My dad’s the queerest fish

He comes downstairs at the last minute,
unshaven. You can tell he hasn’t showered.
One sock black, the other blue.
He doesn’t even grunt.

Heads for bog-standard tea,
flicks on the kettle switch
squeezes the last drop from a tea bag,
drops milk into a half-full mug.

“I’ll see you in the car, come on Louis”
My Dad takes dog to everywhere
– to school – to park – to Toastmasters.
That setter’s sat at a thousand meetings.

My Dad’s weird, drives without opening his mouth.
I’m sure his ears are half-awake.
He wears one hearing aid, lost the other.
and doesn’t even care.

My father doesn’t curse,
he doesn’t even burp.
He holds it all inside.

He loves the dog and cat,
forgives them all the time,
while they drive me insane.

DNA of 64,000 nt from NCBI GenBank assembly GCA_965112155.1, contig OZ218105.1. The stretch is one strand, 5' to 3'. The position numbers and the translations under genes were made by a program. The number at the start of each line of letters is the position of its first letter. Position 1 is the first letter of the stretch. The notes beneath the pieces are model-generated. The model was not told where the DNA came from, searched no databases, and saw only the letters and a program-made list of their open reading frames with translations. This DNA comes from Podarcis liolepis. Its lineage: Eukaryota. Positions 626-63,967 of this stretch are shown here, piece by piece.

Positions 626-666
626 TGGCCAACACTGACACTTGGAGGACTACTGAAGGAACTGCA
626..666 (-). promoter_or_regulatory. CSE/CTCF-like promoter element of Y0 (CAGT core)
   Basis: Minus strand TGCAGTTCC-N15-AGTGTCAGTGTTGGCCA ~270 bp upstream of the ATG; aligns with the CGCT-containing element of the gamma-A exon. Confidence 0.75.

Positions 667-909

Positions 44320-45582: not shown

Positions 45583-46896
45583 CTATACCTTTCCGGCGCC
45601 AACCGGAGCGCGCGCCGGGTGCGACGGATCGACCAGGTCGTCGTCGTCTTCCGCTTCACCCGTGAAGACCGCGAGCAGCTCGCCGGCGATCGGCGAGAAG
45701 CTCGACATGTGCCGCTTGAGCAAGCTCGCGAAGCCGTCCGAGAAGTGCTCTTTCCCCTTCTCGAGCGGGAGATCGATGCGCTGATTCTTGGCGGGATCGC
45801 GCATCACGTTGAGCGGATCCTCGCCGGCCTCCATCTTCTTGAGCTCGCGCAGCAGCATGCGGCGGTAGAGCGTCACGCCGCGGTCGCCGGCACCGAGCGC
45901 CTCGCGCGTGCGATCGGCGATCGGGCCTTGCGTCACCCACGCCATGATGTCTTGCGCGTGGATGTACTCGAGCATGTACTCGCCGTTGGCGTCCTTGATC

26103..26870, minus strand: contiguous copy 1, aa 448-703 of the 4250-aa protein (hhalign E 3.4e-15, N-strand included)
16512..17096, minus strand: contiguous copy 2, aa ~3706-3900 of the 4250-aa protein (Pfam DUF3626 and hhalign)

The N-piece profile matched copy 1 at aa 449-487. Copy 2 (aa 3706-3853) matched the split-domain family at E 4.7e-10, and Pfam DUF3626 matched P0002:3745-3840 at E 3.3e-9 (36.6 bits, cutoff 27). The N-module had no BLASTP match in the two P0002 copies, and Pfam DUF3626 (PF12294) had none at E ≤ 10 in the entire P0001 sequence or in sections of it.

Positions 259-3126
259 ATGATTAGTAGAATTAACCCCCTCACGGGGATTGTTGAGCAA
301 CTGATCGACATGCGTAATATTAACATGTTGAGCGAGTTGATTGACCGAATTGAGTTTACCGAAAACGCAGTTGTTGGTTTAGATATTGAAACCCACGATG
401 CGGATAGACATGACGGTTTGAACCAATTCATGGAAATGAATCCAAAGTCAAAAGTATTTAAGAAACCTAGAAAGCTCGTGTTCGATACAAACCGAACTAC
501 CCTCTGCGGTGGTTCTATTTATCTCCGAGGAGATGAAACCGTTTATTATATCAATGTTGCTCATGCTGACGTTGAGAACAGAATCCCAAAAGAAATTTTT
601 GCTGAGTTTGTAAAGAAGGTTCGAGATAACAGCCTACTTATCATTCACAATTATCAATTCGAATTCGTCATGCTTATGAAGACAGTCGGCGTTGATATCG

A man whose memory’s shot
insists on time to write
and listens with a sieve.

He loves my school results,
no matter how well I do,
swears you can’t change the past.

Whenever I’m compliant
he sure looks disappointed,
until my will’s my own.

His singing voice is foul,
flat as a flat fog-horn.
My protests spare me pain.

I wish he’d close his mouth
not interrupt my sleepy mind,
until I’m gone to school.




I am a wood frog in a previous life.

You would probably think I was dead

if you saw where I was inside logs and burrows


heart stopped

ice crystals in my blood.

I defrost in the warmth of Spring.


Before that, I am a deer mouse

huddled together snuggling with the others

I don’t live for long.


In my time, I am a white-tailed prairie dog, a bat, hedgehog.

I am even a skunk

suspecting that’s where I began.


Last December

I all came together in this chilled life –

until my sun got warm again.